Broncos bus crash hits Rybalka hard
Humboldt Broncos defenceman Stephen Wack spent parts of two season with the Camrose Kodiaks. He was among 15 killed when their team bus was struck by a semi on Friday. Paul Grue/Pro Sports Photography
Camrose Kodiaks head coach Boris Rybalka began getting texts and phone calls almost immediately after the Humboldt Broncos bus was t-boned by a semi that ran a stop sign on Friday night.
Among the 15 dead were two people he knew quite well, defenceman Stephen Wack, 21, who played for the Kodiaks and head coach Darcy Haugan.
Rybalka, who grew up in Saskatchewan, played for the Broncos in the 1980s. The "once a Kodiak always a Kodiak" mantra that permeates among graduates of Camrose club, well Rybalka was a Bronco first.
"The Broncos were Humboldt and Humboldt was a Bronco," he said. "They were proud of it. They were proud of the players. You knew everybody, the players participated in everything that went on in the community. To have that arena filled for games … it was a tragic, tragic day.
"The easiest thing we can do is pray for the community, pray for families, pray for everybody involved. It's a strong community and no words can express how I feel and how the hockey world feels."
Wack was a Kodiak first. He started his junior career in Camrose after the St. Albert native played his minor hockey in the Edmonton area, including a year of midget AAA in Fort Saskatchewan. He played a season and a half with the Kodiaks before being traded to the Whitecourt Wolverines on Dec. 1, 2015. In his 48 games with Camrose, however, he made a big impact, including being named the team's most dedicated player following the 2014-15 season.
It may be the biggest impact he made with the club was off the ice, and Rybalka remembers the visits from the Wack family at home games.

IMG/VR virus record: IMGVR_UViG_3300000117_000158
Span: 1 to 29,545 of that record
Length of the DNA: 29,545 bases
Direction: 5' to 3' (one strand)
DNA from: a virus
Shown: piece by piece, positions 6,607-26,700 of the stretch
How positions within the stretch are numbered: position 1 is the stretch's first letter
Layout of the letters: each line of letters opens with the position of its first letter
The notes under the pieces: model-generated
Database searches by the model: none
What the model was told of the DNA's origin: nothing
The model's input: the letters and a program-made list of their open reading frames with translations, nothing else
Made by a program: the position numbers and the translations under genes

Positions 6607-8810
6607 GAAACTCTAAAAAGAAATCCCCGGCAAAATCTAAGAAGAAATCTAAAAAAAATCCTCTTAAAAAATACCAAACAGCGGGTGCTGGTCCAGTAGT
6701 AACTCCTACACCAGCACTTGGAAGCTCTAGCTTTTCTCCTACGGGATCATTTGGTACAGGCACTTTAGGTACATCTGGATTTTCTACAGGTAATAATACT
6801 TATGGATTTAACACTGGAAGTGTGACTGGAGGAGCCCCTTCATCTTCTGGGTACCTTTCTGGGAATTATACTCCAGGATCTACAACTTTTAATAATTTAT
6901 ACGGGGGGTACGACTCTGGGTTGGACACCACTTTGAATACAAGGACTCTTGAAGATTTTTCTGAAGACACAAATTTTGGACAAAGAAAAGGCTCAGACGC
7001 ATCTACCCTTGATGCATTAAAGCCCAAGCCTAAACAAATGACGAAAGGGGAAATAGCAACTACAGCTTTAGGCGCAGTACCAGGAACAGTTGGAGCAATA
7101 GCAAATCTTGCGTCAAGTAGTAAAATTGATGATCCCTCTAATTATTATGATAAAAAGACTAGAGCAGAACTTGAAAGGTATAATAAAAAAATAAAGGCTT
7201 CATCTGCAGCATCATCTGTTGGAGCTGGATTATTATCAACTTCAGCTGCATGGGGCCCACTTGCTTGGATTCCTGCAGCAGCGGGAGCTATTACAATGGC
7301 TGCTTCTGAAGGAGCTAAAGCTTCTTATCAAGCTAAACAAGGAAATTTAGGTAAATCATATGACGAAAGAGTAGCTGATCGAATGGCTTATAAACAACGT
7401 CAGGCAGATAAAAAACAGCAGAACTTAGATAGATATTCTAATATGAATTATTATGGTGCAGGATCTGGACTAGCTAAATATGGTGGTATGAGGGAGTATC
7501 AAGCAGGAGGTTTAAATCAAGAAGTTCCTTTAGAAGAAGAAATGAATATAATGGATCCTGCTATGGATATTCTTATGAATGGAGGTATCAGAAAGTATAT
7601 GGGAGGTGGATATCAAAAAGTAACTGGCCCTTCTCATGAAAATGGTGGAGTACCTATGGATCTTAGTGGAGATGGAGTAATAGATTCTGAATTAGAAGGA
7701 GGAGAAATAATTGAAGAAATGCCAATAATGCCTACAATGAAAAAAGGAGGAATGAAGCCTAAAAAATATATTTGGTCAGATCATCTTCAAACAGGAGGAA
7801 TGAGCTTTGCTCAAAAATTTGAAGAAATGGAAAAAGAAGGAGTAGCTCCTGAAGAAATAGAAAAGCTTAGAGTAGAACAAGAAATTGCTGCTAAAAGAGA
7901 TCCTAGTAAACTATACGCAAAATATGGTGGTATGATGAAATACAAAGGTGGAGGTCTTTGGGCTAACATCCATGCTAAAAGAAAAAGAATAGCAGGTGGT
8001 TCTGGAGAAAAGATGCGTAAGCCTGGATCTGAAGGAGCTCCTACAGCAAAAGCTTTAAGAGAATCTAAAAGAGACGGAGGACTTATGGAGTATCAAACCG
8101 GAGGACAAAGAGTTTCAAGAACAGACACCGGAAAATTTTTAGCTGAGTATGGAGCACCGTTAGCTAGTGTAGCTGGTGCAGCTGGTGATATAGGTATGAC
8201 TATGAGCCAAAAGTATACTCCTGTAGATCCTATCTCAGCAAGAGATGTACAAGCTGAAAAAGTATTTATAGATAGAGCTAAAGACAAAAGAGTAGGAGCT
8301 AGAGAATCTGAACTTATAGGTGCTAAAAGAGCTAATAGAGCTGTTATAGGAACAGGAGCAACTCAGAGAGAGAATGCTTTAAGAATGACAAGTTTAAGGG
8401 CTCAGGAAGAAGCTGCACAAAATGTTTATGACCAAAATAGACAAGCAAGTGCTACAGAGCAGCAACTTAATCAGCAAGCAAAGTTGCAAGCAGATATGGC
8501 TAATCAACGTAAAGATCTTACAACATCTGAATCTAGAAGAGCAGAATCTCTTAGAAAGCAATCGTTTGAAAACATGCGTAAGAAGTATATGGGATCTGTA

"I smile because of who he is as a person, he was a great, great young man," he said. "He was caring, thoughtful, had a sense of humour, he loved the game of hockey he loved his brother, he loved his family."
Wack was dealt to the Broncos in June of 2016 and he spent the last two Saskatchewan Junior Hockey League seasons as a six-foot-six pillar on their blue-line. Though a defensive defenceman, this was his best offensive season with 17 points (five goals, 12 assists) in 53 games, while cutting his penalty minutes from 120 last year to 92 this season.
"I looked at the picture of him and it's hard, because you go 'he's right there,' and now he's not there any more," said Rybalka. "He had a bright future ahead of him, he'll be up in heaven looking down at us."
The coaching fraternity is a small one, and Rybalka knew Haugan well. Haugan had coached been coaching since 2001, and had been with the Broncos since 2015. The two often talked hockey about strategy on and off the ice.
"There's a young man who had a wife and two kids, and another man who just loved the game, loved hockey, loved teaching the kids. He'll be missed, not only by his family but also by the hockey world."
Rybalka knows the small-Saskatchewan city of 6,000 well and says the community and surrounding area will be strong through this. His mind immediately went back to the Swift Current Broncos bus crash in 1986 that left four dead and he saw how the hockey world rallied around them.
Hundreds packed the Elgar Petersen Arena in Humboldt on Sunday for a vigil while messages of support have been sent in from around the globe, including from Queen Elizabeth II.
"It will never go away, but the community is going to be strong," said Rybalka. "They're going to stick together, they're going to need lots of support from everybody … and that's how they're going to get through it."
This tragic incident has also emphasized Rybalka's role as not just a hockey coach, but as a father figure for his players past and present. He has spent many hours on his phone since Friday night counselling players from all corners of the hockey world, and he admits he does not have all the answers but says it is best to find someone to open up to.
"You can't let it fester and sit inside. If people want to shed tears, shed them. You need to get that off your chest and you have to communicate and talk. The worst thing is to keep it inside when something like this happens."
Getting on the bus to travel all over the Prairies is an accepted part of life for a hockey coach, players and staff. Often times teams look forward to getting out on the road as a time to leave the noise and stress of home behind and bond together and get closer as a team, in a way making this incident that much more devastating.
"I think the wives and parents and everyone are the ones who really have it on their mind, going 'Make sure you come home safely,'" said Rybalka. "The players play because they love the game. Coaches coach because they love the game. Trainers train because they love the game … You all get on the bus and you don’t think that's going to happen."